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As A Team, The Posters For The London Olympics Wouldn’t Medal

The posters for the 2012 London Olympic Games have been revealed, and they’re a decidedly mixed bag. Following Germany’s example for the 1972 Munich games, the London Organizing Committee of the Olympic and Paralympic Games asked a host of artists, including Anthea Hamilton, Sarah Morris, and Bob and Roberta Smith, to visually capture the “values” of the games. The results vary as much in their message as in their style, with some artists embracing the project brief and others sidestepping it altogether.

To my mind, the standouts are clear: Sarah Morris’s geometric reinterpretation of Big Ben, which at least speaks to place, if not the games themselves; Howard Hodgkin’s energetic blue swirls in “Swimming”; and Martin Creed’s rendition of the winner’s podium. The obvious failures are the ones that bear no relationship to the games: Bridget Riley’s “Rose Rose,” Gary Hume’s “Capital,” and Tracey Emin’s “Birds 2012” may be pitch-perfect representations of the artists’ work, but they’re tone-deaf to context. These artists didn’t play by the rules, and that’s just poor sportsmanship.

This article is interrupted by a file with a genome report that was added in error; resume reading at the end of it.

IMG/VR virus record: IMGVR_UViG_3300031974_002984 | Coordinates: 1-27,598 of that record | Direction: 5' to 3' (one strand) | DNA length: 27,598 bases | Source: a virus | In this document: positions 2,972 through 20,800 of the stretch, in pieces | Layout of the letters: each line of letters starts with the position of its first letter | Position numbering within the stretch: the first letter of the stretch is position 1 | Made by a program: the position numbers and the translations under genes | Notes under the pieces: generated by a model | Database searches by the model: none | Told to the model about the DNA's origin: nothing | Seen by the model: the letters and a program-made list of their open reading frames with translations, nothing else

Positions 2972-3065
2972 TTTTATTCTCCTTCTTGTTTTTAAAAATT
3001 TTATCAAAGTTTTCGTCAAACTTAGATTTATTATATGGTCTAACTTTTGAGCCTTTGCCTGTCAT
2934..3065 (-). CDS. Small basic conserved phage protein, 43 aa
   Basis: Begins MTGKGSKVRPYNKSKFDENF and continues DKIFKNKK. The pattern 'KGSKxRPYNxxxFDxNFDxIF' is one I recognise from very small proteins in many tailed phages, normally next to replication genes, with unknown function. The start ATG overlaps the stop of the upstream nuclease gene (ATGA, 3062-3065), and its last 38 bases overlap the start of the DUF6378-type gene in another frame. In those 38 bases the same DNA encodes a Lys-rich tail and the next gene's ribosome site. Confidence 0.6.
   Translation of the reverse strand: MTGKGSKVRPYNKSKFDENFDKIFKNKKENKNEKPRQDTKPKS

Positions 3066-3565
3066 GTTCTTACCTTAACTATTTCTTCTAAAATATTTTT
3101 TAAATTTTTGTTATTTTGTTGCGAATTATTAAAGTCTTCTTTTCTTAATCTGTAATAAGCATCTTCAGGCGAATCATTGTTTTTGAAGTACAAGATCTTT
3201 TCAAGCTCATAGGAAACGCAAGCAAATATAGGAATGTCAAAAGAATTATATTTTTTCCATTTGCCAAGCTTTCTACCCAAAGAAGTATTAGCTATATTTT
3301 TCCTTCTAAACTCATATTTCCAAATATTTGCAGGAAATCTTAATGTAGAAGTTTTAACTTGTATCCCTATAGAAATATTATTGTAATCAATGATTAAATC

The posters are available from the London 2012 shop for £7 (about $11) apiece. If you’re interested in purchasing a poster from the 1972 run, with graphics by the likes of Otl Aicher, Josef Albers, and David Hockney, visit Harvey Abrams-Books.

[Hat tip to Creative Review]

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